Material World

Building silly boats out of silly things.

July Telltales
Steve Haefele

I just finished a book by a fellow who had earned a good buck in the real world before he decided to cash it in and build a boat. He had received no heavenly message or flood warnings; he was not prematurely gray; he was simply acting on a vision of building a sort of boat that no one else had dreamed of. I’m a bit embarrassed to admit that I built my yacht design career by catering to boat design dreamers, but the ones that fancy themselves as boatbuilders are a particularly troubled lot. Consider this fellow’s choice of materials — wine corks — 165,321 of them!

It couldn’t have been long after primitive man figured out that fire was warm and rocks made good hammers that some poor, hairy sot got the dumb idea to build a boat. I can imagine this dimwitted fellow sitting on a primordial swale picking lice when the bloated, stinking corpse of a mastodon drifted by. While he may not have imagined oars or a sail, he realized the potential. Long before Archimedes’ principle explained the finer points of displacement, humans were fashioning boats out of the silliest things that happened to float.

Thor Heyerdahl proved this, of course, by building what was essentially a 45-foot balsa doormat. Kon-Tiki was little more than nine logs strapped together with hemp — hmm, a “smoking” gun, perhaps? — a bamboo deck and a mast whittled out of mangrove bushes. Just building such a “boat” wasn’t enough, and to make his point, Thor sailed/drifted her/it across the Pacific, spawning a book and a film that served as the inspiration for other dreamers to attempt similar feats of insanity. A few years back a group of academics set their minds to sailing a 40-foot tar ball across the Indian Ocean. Their creation ended up on the bottom 30 minutes after the launch party. More recently a fellow assembled 12,500 2-liter plastic bottles in the shape of a ship and christened it Plastiki — how original.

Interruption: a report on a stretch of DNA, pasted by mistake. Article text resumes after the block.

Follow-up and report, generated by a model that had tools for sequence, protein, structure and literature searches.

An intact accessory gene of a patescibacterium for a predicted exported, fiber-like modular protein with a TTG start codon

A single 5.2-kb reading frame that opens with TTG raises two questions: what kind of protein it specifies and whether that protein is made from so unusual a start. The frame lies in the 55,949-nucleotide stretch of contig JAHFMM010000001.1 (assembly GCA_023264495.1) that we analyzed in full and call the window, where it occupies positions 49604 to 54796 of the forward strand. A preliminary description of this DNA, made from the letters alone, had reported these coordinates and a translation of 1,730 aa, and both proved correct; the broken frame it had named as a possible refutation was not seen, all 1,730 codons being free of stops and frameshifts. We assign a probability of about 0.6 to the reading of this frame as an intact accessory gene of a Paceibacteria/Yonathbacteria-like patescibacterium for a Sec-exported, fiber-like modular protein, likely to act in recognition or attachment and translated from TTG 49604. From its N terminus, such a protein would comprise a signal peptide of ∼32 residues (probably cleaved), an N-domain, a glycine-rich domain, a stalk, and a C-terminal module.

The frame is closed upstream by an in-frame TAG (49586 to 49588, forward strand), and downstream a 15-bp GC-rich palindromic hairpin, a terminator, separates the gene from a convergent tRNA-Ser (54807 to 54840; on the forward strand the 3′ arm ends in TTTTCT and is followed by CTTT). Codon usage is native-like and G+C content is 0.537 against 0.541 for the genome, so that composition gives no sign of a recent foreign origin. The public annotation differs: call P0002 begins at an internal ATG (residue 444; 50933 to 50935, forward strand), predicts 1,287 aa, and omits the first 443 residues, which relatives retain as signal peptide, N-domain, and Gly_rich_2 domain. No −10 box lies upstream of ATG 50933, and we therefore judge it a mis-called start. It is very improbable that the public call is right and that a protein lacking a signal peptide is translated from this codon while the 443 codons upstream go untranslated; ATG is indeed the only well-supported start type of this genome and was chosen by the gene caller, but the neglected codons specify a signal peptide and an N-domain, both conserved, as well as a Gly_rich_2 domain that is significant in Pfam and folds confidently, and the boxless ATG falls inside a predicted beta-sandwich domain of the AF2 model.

A cadre of rock-headed hippies made a more serious effort in the late 1960s. Demonstrating their contempt for society and sensible boatbuilding practice, they chose cement as their creative medium. True believers still promote it as a lightweight, low-maintenance alternative to fiberglass. I am reminded of an old friend and fellow expert on marine matters who once admitted to me in a weak moment the horrible guilt he felt for his promotion of the wonders of the ferrocement boat. He confessed to me that he was quite certain that his efforts had likely caused the divorce rate to soar in the coastal United States.

The truth is that when born-again boatbuilders have their way anything can happen. If Noah’s ark had been Noah’s and he had not been held to a higher standard, he would certainly have thumbed his nose at gopher wood and built the ark out of materials that were cheaper and more plentiful. Can you imagine 300 cubits of dried animal feces and fur balls lashed together with woven animal hair? Like the fellows with bottles and bottle stops, he might have then shared his method in a book — The Wonders of Noah’s Self-Sustaining Ark — and encouraged a legion of hapless dreamers to follow suit.

I was ranting about silly boats in cork, cement, tar and dung with a boatbuilder pal of mine who pointed out that, even considering the screw tops he had twisted during lean times, he had likely popped at least 165,321 corks in his career. He suggested that he would much rather have assembled them into a boat, written a book and sold the movie rights than deal with some of the dreamers he had built custom boats for. Perhaps he has a point. Are born-again boatbuilders on to something? Has anyone built a Kalik Bottle Clipper? Hmm — I can supply the materials!